NBC Still Can't Figure Out Comedy, Asks America for Help

NBC announced a new content development scheme Tuesday night: the NBC Comedy Playground. Essentially a crowd-sourcing of sitcom pitches, this is the network's "broad comedy" commitment taken to its logical – and extreme – conclusion. 

This article is from the archive of our partner .

NBC announced a new content development scheme Tuesday night: the NBC Comedy Playground. Essentially a crowd-sourcing of sitcom pitches, the network's latest effort to air shows people actually want to watch is its "broad comedy" commitment taken to its logical – and extreme – conclusion.

While "Comedy Playground" sounds like it could be a low-budget spinoff of Hollywood Game Night, where NBC wrangles whatever "stars" it can convince to hang out on a jungle gym for primetime TV, it's actually a "grassroots initiative" to think up new ideas for comedy series. In other words, NBC is asking the American public to come up with its programming.

Here's how it'll work: From May 1 to June 30, entrants who are "broadly-skilled creative, comedic talent" can apply and submit pitches to the Comedy Playground. You must submit a 5-10 minute video of something funny you've already created, and then a 5 minute video describing your pitch for NBC. Pitches must be for a live-action, 30-minute situation comedy (sorry, Family Guy ripoffs). Submissions are then judged by NBC reviewers ("employees from various departments"), and if you submission is scored high enough, it moves on to the semifinals, which is judged by NBC executives. The finalists then score funding to produce 20-minute "pilot presentations," and the ultimate winners are selected by a panel of NBC's top talent (Amy Poehler, Mindy Kaling, and Michael Schur, among others). Two winners will get their shows ordered to series and aired on NBC. A third winner, chosen by popular vote, will get a digital series on NBC.com. Check out this nifty infographic on the whole process:


On the surface, this sounds like a neat idea. It could be, as NBC describes it, "an innovative way" to "discover fresh, comedic voices." But there's no way this actually works, right? Let's consider the current state of NBC comedy. Two years ago, NBC entertainment chair Robert Greenblatt unveiled his "broad comedy" manifesto, lamenting that shows like Parks and Recreation and Community "tend to be a bit more narrow than we'd ultimately like going forward." He called Whitney a "step in the right direction." Since then? Every "broad" sitcom NBC has thrown on air has come and gone, while Parks and Community survive. Yet NBC still remains committed to this approach. And the "Comedy Playground" is just a gimmick to continue on the same futile road.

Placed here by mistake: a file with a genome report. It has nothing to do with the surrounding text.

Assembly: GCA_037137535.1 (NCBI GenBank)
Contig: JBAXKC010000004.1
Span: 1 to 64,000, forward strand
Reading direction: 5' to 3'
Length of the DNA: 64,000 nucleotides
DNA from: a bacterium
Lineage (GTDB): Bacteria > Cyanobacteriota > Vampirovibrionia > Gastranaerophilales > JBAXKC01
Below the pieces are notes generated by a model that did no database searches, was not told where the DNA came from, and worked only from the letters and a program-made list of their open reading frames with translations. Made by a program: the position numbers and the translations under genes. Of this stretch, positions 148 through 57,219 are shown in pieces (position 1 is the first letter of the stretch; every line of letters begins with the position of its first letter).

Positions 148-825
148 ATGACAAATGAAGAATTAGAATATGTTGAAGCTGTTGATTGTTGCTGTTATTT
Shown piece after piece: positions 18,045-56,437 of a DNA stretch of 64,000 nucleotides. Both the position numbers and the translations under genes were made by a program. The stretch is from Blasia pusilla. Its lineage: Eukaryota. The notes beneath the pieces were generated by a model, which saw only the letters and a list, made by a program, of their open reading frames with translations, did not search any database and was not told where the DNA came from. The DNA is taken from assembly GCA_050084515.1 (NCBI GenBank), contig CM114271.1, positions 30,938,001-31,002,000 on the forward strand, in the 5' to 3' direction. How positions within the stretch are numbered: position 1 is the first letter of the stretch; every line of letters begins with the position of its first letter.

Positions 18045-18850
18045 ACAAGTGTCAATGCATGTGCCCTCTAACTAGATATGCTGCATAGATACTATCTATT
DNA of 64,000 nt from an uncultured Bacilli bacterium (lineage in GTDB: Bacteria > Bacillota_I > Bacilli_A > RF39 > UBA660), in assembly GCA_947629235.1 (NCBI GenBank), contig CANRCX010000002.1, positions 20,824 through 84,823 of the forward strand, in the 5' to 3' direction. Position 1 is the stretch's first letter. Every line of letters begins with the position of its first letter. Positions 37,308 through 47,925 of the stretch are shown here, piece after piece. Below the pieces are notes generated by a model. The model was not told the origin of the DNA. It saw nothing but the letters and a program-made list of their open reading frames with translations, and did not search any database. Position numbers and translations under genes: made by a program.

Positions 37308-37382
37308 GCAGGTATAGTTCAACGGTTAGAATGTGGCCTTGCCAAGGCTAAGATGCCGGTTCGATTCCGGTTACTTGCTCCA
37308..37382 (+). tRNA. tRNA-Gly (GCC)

Realizing that NBC's in-house comedy production isn't working, the network now turns to its viewers. In this case, "broad" means literally everyone in America. Greenblatt wants comedy that appeals to everyone? What better way to get that than to ask everyone for ideas (well, everyone who is a member of the Writers Guild of America, that is, as all finalists must be registered with the WGA to be eligible). The contest submissions will be evaluated on a series of factors: "entertainment value, humor, originality, relatability, and likelihood of watching." It's those last two, we're betting, that are the most important. It seems doubtful that truly the cream of the crop will be ordered for series; by placing the decision in the hands of an "advisory panel" (on which there are woefully too few women) NBC can ensure whatever winners are chosen remain in line with its comedic vision. It's going to be The Michael J. Fox Show, without Michael J. Fox. Nothing off-brand (see: narrow) is going to win. 

Essentially, it means NBC is looking for shows that appeal to the lowest common denominator. You see this in it's third-place consolation prize. The network is now making content decisions based on popular vote, so it can say "hey, we're just giving you guys what you asked for" when the shows end up floundering (as nearly all of NBC's comedy content has recently). 

Maybe this is NBC's way of telling its detractors to shut up – in a "if you have such a problem with the way we've been doing things, we'll let someone else try to figure it out" kind of way. And it's not a bad idea, giving outsiders a shot at cracking into the insular world of network television. But it's an empty promise: the same people, ultimately, are making the final decisions. Which means what we'll likely get is more of the same, "broad" appeal and all.

This article is from the archive of our partner The Wire.